Timothy Leary

  • American educator
  • Born October 22, 1920
  • Died May 31, 1996

Timothy Francis Leary (October 22, 1920 – May 31, 1996) was an American psychologist and writer known for advocating the exploration of the therapeutic potential of psychedelic drugs under controlled conditions. As a clinical psychologist at Harvard University, Leary conducted experiments under the Harvard Psilocybin Project in 1960–62 (LSD and psilocybin were still legal in the United States at the time), resulting in the Concord Prison Experiment and the Marsh Chapel Experiment. The scientific legitimacy and ethics of his research were questioned by other Harvard faculty because he took psychedelics together with research subjects and pressured students in his class to take psychedelics in the research studies.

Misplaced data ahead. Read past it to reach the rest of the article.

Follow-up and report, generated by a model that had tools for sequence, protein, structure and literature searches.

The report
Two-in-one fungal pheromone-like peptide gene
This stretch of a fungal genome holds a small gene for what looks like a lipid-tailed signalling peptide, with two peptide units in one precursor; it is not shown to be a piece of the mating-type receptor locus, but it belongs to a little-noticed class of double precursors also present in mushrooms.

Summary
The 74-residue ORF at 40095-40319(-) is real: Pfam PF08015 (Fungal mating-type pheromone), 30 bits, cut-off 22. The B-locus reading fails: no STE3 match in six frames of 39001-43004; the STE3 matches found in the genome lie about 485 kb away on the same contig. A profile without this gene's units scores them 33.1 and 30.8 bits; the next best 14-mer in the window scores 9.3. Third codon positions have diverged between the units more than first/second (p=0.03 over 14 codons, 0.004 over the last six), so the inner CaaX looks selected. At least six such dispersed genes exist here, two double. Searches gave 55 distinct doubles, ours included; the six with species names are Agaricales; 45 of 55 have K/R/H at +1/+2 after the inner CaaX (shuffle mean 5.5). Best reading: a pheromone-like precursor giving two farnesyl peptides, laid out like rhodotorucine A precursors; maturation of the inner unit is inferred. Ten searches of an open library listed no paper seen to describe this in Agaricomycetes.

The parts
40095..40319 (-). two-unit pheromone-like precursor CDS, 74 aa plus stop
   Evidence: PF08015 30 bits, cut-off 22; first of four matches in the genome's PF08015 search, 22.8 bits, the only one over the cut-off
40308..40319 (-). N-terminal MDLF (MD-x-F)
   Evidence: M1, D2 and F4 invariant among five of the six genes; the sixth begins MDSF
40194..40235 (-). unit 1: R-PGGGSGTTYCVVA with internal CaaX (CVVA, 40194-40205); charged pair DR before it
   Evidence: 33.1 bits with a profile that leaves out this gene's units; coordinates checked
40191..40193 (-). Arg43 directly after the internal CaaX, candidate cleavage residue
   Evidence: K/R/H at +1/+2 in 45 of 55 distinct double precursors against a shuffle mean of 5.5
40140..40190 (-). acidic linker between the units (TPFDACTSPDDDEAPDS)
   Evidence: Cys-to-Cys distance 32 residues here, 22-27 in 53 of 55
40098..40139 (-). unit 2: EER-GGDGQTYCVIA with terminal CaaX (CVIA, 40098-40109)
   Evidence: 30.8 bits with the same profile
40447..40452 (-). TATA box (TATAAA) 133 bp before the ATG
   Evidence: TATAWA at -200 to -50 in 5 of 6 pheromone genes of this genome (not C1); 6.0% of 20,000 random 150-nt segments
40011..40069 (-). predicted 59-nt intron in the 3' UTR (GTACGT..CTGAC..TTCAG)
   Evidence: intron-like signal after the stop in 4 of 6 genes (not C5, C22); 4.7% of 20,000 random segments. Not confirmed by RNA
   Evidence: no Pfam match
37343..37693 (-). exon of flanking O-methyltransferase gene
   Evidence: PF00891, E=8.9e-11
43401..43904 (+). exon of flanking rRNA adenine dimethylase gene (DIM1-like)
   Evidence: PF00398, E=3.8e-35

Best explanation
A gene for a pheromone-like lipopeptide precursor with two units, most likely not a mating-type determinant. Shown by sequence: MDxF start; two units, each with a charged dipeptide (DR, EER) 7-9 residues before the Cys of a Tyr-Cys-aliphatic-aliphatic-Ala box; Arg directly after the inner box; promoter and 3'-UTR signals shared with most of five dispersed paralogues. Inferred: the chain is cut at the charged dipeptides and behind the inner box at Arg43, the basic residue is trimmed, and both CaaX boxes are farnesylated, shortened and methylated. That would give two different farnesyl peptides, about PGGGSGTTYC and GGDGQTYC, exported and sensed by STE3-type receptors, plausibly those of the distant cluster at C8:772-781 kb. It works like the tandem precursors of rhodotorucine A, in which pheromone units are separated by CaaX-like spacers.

In the information age, you don't teach philosophy as they did after feudalism. You perform it. If Aristotle were alive today he'd have a talk show.

Civilization is unbearable, but it is less unbearable at the top.

My advice to people today is as follows: if you take the game of life seriously, if you take your nervous system seriously, if you take your sense organs seriously, if you take the energy process seriously, you must turn on, tune in, and drop out.

Think for yourself and question authority.

I've left specific instructions that I do not want to be brought back during a Republican administration.

If you don't like what you're doing, you can always pick up your needle and move to another groove.

Turn on, Tune in, Drop out.

Turn on, Tune in, Drop out.

The universe is an intelligence test.

Science is all metaphor.

There are three side effects of acid: enhanced long-term memory, decreased short-term memory, and I forget the third.

You're only as young as the last time you changed your mind.

Women who seek to be equal with men lack ambition.

Learning how to operate a soul figures to take time.

We are dealing with the best-educated generation in history. But they've got a brain dressed up with nowhere to go.

You can always pick up your needle and move to another groove.